Posts Tagged ‘holidays’


Drama can hit you without warning; take for example a massive iceberg floating in the darkness in the path of an “unsinkable ship” on a maiden voyage.

But it can also creep up on you bit by bit. So that when it actually happens you realise that you knew all of the pieces were there … but didn’t see the consequences; a bit like the denouement in all of the Sherlock Holmes stories: so obvious in retrospect.

Our drama was of the latter variety, beginning with a delayed take-off (result of wonderfully courteous behaviour from Lufthansa, giving up our slot to a KLM flight to Amsterdam with umpteen onward connections). Late arrival at Frankfurt with a typical efficient airport transfer to the gate across the tarmac (thus avoiding a fairly stressful, many minutes of stairs, escalators, and corridors and looking for gateway signage) and off – on time – to Bucharest.

Not so our luggage!

On arrival at the Henri Coanda airport we got the expected call from our pick-up driver, but, waiting for a suitcase that didn’t make it, missed the bus. Some hours wait in the arrivals lounge (was there ever such a misnomer?) and several texts later we are on the next minibus. Stressing somewhat at the delay, that our friends are waiting at the hotel, that we still have two and a half (count ‘em, Henry, count ‘em!) hours of travel before we arrive in Brasov.

Two and a half hours which stretches to four and a bit hours as the one and only two lane road is being re-surfaced (a mile at a time) and traffic has to wait. And wait some more.

Eventually we make it. And, relief, the hotel staff are welcoming and friendly. Our friends understanding … and we head out for a welcome meal. And a beer!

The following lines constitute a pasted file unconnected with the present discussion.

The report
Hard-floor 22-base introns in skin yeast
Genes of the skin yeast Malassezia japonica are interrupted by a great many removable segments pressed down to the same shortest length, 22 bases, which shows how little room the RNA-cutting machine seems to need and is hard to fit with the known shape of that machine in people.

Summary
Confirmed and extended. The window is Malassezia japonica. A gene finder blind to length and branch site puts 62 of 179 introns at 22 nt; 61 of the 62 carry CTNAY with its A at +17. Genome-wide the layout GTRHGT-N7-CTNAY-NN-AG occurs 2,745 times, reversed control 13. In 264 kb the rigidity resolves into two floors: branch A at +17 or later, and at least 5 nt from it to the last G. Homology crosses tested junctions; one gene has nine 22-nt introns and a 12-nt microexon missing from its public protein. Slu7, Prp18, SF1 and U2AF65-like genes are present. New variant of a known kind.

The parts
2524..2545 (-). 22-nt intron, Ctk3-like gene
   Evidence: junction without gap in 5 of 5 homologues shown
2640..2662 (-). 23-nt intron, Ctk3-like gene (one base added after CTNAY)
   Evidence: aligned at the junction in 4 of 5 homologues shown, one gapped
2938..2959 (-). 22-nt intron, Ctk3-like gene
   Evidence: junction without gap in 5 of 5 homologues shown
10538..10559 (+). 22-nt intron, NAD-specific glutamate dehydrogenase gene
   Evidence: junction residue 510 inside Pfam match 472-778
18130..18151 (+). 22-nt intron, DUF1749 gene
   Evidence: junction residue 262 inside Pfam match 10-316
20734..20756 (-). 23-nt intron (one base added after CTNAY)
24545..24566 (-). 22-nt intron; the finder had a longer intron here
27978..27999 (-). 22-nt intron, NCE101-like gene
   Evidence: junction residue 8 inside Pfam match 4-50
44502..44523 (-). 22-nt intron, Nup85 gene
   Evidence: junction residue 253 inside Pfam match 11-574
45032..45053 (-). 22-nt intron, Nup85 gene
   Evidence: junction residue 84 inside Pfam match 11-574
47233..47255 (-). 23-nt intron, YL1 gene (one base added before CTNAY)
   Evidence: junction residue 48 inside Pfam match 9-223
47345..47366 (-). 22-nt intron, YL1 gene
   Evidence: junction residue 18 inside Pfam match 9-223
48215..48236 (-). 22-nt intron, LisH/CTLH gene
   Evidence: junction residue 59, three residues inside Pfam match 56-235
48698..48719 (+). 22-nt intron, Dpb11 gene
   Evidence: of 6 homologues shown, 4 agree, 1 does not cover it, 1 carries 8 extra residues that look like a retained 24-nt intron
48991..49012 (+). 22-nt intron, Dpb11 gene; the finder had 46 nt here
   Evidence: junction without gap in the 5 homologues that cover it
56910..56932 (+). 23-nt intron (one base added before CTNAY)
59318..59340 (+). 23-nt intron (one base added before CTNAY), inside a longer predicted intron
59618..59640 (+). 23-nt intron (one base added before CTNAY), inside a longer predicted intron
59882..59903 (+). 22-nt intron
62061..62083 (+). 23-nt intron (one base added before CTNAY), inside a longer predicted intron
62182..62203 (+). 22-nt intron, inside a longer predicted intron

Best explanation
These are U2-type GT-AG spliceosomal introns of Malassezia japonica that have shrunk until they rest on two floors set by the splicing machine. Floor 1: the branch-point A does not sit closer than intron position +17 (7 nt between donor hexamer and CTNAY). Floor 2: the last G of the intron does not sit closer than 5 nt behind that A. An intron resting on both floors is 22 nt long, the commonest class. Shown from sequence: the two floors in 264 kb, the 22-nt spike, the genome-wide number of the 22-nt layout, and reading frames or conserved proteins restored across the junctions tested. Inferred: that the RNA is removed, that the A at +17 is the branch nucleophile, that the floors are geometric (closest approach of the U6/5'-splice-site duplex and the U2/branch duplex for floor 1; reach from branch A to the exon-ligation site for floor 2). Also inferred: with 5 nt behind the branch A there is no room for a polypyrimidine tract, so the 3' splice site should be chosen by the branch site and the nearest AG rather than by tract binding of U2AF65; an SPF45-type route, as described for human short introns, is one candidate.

The holdall that got through has underwear in it and, arrangements made at the airport reassure us that the suitcase will be delivered to the hotel some time tomorrow. That we need to be at the hotel to sign for it.

It’s reassuring – in a way, but I never find it easy to sleep in a strange room – and it is hot with the kind of heat that takes some getting used to.

So, the order of the day next day must be not to be too far away from the hotel. Our local friend takes us to a stunning fortified church (begun in 1211) at Prejmer. Getting out of the car we are greeted by the sight of an occupied stork’s nest atop a roof of a house in the street. Exotic enough to tell us we are away on an adventure. That, with the breezeless, easy heat and the absolute absence of hedgerows.

Image result for stork nest

The fortress itself  is wonderfully preserved and cared for, the “family rooms” used in times of siege accessible and it is an evocative and spiritual place where we linger for some time.

Image result for prejmer village romania

Then Sorin has the brainwave. On the way back to Brasov we can visit his “garden”. I had heard about this but knew  few details.